Your description of the process isn't quite right.
The kernel keeps track of which paths are mount points. Exactly how it does that varies between kernel, but typically the information is stored in terms of paths. For example the kernel remembers “
/ is this filesystem,
/media/cdrom is this filesystem,
/proc is this filesystem”, etc. Typically, rather than a table mapping path strings to data structures representing mounted filesystems, the kernel stores tables per directory. The data associated with a directory entry is classically called a dentry. There's a dentry for the root, and in each directory there's a dentry for each file in that directory that the kernel remembers. The dentry contains a pointer to an inode structure, and the inode contains a pointer to the filesystem data structure for the filesystem that the file is on. At a mount point, the associated filesystem is different from the parent dentry's associated filesystem, and there's additional metadata to keep track of the mount point. So in a typical unix kernel architecture, the dentry for
/ contains a pointer to information about the root filesystem, in addition to a pointer to the inode containing the root directory; the dentry for
/proc (assuming that it's a mount point) contains a pointer to information about the proc filesystem, etc. If
/media/cdrom is a mount point but not
/media, the kernel remembers in the dentry for
/media that it isn't allowed to forget about it: remembering about
/media isn't just a matter of caching for performance, it's necessary to remember the existence of the mount point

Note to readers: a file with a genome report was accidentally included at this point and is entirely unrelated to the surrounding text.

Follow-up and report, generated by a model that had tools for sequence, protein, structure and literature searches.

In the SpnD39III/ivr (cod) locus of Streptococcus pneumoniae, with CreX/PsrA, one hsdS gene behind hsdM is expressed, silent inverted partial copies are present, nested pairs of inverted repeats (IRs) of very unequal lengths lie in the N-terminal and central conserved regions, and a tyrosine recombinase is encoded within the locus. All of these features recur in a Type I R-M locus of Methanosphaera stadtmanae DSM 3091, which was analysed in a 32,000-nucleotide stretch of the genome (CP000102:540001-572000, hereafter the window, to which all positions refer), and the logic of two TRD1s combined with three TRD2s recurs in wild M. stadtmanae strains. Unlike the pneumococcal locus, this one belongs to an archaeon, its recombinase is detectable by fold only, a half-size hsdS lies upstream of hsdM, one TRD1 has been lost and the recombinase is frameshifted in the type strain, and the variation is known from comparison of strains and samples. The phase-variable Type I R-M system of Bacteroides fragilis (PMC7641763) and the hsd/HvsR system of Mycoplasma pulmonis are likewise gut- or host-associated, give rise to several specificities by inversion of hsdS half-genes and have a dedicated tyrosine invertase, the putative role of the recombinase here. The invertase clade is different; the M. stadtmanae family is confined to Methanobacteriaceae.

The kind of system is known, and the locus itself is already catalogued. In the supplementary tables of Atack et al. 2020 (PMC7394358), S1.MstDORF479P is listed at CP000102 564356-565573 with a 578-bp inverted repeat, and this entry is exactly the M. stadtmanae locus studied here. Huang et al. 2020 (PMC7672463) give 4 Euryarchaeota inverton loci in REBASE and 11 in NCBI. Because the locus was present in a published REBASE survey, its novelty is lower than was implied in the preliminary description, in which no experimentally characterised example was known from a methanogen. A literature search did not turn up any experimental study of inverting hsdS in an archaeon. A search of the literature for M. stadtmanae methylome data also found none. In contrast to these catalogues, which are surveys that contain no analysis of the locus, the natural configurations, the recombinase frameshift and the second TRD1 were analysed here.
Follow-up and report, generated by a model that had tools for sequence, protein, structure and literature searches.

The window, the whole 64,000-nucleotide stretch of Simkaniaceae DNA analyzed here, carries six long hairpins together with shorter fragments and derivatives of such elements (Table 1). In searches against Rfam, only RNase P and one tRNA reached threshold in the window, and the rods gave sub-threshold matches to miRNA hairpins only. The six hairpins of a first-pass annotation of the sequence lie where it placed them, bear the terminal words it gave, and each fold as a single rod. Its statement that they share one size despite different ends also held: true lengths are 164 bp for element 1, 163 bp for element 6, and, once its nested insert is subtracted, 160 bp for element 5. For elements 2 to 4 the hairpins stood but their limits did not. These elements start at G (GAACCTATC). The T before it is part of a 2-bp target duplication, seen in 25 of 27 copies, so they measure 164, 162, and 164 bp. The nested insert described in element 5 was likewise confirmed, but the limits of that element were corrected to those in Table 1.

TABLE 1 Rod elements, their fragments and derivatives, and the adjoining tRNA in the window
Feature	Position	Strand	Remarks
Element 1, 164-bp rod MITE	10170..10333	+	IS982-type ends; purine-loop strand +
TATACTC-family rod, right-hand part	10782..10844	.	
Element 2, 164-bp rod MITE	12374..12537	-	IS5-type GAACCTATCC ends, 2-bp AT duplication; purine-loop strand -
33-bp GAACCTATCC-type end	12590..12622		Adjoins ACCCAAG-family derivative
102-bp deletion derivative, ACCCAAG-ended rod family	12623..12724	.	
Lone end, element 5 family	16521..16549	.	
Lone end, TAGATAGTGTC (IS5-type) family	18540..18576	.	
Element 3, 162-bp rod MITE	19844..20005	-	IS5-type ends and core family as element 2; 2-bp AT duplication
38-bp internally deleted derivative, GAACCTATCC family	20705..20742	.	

For Linux, you can find documentation in the kernel documentation, on this site and elsewhere on the web. Bruce Fields has a good presentation of the topic.
When the kernel is told to access a file, it processes the file name one slash-separated component at a time and looks up the component each time. If it finds a symbolic link, it follows it. If it finds a mount point, no special processing is actually necessary: it's just that the inodes are attached to a different directory.
The process does not use inode numbers, it follows pointers. Inode numbers are a way to give a unique identity to each file on a given filesystem outside of the kernel: on disk, and for applications. There are filesystems that don't have unique inode numbers; filesystem drivers normally try to make up one but that doesn't always work out, especially with network filesystems (e.g. if the server exports a directory tree which contains a mount point, there may be overlap between the set of inodes above and below that mount point). Rows that map name to inode number are the way a typical on-disk filesystem works if it supports hard links; filesystems that don't support hard links don't really need the concept of inode number.
Note that information about mount points is stored only in memory. When you mount a filesystem, this does not modify the directory on top of which the filesystem is mounted. That directory is merely hidden by the root of the mounted filesystem.